Tue, Jul 06, 2004 - Page 16 News List

Nonfiction film turns a corner

Sick of dumbed-down movies, audiences are discovering a taste for documentaries, as Michael Moore's record-breaking `Fahrenheit 9/11' proves


Michael Moore is shown, right, in his new film, Fahrenheit 9/11, which has broken US box-office records for a documentary since its release last week. Despite, or because of, controversy surrounding the film, interest in the anti-George W. Bush diatribe is particularly high, forcing Hollywood to take a new look at the commercial potential of nonfiction films.


The record-breaking success of Michael Moore's Fahrenheit 9/11 may mark a turning point in the acceptance of documentaries by audiences as mass entertainment and by movie distributors as potential profit centers.

This anti-Bush documentary is merely the latest and most successful of many feature-length documentaries that have hit it big at the box office in the last few years, among them the current release Super Size Me, about the perils of eating fast food, which has taken in close to US$10 million so far; Winged Migration, a nature film that took in US$11 million last year; and Spellbound, about spelling bees, which took in US$5.7 million.

Fahrenheit 9/11, the satirical critique of US President George W. Bush and his decision to go to war in Iraq, had earned US$56 million by Sunday, adding to the initial ticket sales that made it the highest-grossing feature-length documentary ever.

The sight of movie audiences lining up to see Moore's film, which the Walt Disney Company declined to distribute out of concern over its political nature, has not escaped the notice of Hollywood distributors, which have been growing receptive to the idea of documentaries in the last few years.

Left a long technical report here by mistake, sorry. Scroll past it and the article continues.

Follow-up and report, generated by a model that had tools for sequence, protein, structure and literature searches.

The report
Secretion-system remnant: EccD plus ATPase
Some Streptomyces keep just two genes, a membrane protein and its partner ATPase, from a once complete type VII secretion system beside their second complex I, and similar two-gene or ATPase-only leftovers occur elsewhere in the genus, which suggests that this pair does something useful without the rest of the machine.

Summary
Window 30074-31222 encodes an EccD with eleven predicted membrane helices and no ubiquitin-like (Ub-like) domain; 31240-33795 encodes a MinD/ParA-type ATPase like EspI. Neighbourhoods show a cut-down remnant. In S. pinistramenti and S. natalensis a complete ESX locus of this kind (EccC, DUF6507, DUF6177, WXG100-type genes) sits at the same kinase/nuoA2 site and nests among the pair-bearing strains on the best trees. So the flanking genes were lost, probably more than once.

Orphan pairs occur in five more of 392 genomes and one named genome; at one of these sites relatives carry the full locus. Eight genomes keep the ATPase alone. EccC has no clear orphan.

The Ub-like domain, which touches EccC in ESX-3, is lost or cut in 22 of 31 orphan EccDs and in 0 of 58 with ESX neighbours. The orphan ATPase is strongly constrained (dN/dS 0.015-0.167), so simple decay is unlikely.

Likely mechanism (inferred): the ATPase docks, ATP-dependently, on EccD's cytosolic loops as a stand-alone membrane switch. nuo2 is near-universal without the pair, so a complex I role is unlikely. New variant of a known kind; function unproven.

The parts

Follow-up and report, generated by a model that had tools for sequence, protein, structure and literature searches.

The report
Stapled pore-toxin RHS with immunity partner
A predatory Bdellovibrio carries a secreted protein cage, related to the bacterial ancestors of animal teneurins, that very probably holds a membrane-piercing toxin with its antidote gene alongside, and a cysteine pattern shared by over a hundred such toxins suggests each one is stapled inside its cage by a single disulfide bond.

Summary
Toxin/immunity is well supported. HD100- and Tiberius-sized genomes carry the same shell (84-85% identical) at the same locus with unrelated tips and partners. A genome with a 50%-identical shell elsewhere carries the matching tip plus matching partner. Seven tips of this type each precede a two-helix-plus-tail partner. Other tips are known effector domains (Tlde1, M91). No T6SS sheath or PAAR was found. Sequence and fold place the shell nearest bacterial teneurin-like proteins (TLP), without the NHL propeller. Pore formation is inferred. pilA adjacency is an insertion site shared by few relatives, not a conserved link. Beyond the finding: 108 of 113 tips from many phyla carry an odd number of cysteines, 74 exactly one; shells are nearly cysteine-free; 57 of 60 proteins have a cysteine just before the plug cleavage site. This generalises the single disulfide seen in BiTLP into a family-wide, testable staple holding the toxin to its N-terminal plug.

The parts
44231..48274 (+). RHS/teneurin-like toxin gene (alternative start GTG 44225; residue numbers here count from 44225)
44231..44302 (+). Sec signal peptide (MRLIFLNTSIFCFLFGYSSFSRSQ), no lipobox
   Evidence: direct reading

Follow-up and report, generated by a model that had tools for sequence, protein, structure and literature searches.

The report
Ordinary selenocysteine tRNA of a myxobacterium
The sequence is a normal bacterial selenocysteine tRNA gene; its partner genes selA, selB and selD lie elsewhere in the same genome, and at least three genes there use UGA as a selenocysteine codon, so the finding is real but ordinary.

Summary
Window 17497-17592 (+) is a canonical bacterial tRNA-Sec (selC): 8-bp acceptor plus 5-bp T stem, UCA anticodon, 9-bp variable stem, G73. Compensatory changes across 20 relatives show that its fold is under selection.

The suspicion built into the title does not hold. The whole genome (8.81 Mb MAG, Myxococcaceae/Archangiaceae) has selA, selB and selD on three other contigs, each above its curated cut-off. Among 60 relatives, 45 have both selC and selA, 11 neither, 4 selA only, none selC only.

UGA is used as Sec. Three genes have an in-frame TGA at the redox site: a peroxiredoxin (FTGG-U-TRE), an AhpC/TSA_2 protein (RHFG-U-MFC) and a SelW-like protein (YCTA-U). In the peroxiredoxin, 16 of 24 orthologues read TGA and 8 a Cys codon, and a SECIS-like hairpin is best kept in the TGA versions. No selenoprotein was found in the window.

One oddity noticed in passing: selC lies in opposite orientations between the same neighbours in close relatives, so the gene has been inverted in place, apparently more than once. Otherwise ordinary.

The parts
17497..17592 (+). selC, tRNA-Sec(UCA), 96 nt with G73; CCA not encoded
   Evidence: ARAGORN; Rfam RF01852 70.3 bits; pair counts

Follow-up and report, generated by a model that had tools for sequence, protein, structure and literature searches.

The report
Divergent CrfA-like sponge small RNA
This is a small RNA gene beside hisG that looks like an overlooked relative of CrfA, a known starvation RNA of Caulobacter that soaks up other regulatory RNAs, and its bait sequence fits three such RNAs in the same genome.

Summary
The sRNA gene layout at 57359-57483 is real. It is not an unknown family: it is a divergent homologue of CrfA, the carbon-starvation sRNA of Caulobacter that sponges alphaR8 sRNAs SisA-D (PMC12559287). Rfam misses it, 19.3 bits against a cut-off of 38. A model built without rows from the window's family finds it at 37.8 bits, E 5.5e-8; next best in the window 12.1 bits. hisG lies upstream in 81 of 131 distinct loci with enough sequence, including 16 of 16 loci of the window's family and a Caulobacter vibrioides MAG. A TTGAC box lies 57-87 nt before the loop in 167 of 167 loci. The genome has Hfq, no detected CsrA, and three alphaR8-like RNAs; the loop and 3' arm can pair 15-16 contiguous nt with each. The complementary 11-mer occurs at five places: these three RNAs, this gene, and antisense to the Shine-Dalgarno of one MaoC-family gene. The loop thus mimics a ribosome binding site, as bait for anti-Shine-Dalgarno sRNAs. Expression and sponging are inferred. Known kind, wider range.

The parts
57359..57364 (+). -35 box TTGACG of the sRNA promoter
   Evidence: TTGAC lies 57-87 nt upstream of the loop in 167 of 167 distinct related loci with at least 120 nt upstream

Howard Cohen, the co-president of Roadside Attractions, which is distributing Super Size Me, said: "Are documentaries going to be taken more seriously? The short answer is yes. But Michael Moore is still a special case. He's become a star, almost like any other star. That said, I do think audiences are getting used to going to documentaries in a way they haven't before."

Harvey Weinstein, the co-chairman of Miramax, who was instrumental in popularizing both independent and foreign films with broad audiences, agrees. "I think we're beginning to see the audience's fascination with nonfiction when its done well," said Weinstein, who bought Fahrenheit 9/11 back from Disney and released it independently.

"It reminds me of the breakthrough with Sex, Lies and Videotape for indie movies, and years later with Cinema Paradiso, all the way to Life Is Beautiful for foreign-language movies," he added. "There have been some moments in our film history where all of a sudden it has all changed."

Evolution of tastes

Some movie executives attribute the shift to the popularity of reality television and others to the expanding definition of documentaries to include narrative, nonfiction entertainment.

"It's part of an evolution that has been coming for quite some time," said Michael Barker, co-president of Sony Pictures Classics, which released Winged Migration and has the forthcoming Riding Giants, a feature-length documentary about big-wave surfing. "I think the success of reality television has made documentaries more a part of the mainstream, not just a kind of movie for intellectual aesthetes."

But it is also due, he said, to the high entertainment value of the latest group of documentaries. In Super Size Me, the filmmaker Morgan Spurlock makes a serious point while poking fun at fast-food culture by going on an all-McDonald's diet. Likewise, though Moore's latest film is intensely barbed, it shares the mocking tone and humorous, grandstanding gestures of his previous features, including Roger & Me and Bowling for Columbine.

"One of the reasons that these films are doing so well at the theaters is this old strict rule -- that documentaries have to be pure reality -- has been thrown out the window," Barker said. "There's a much more flexible definition of a documentary. It includes what you'd read on the Op-Ed page of The New York Times."

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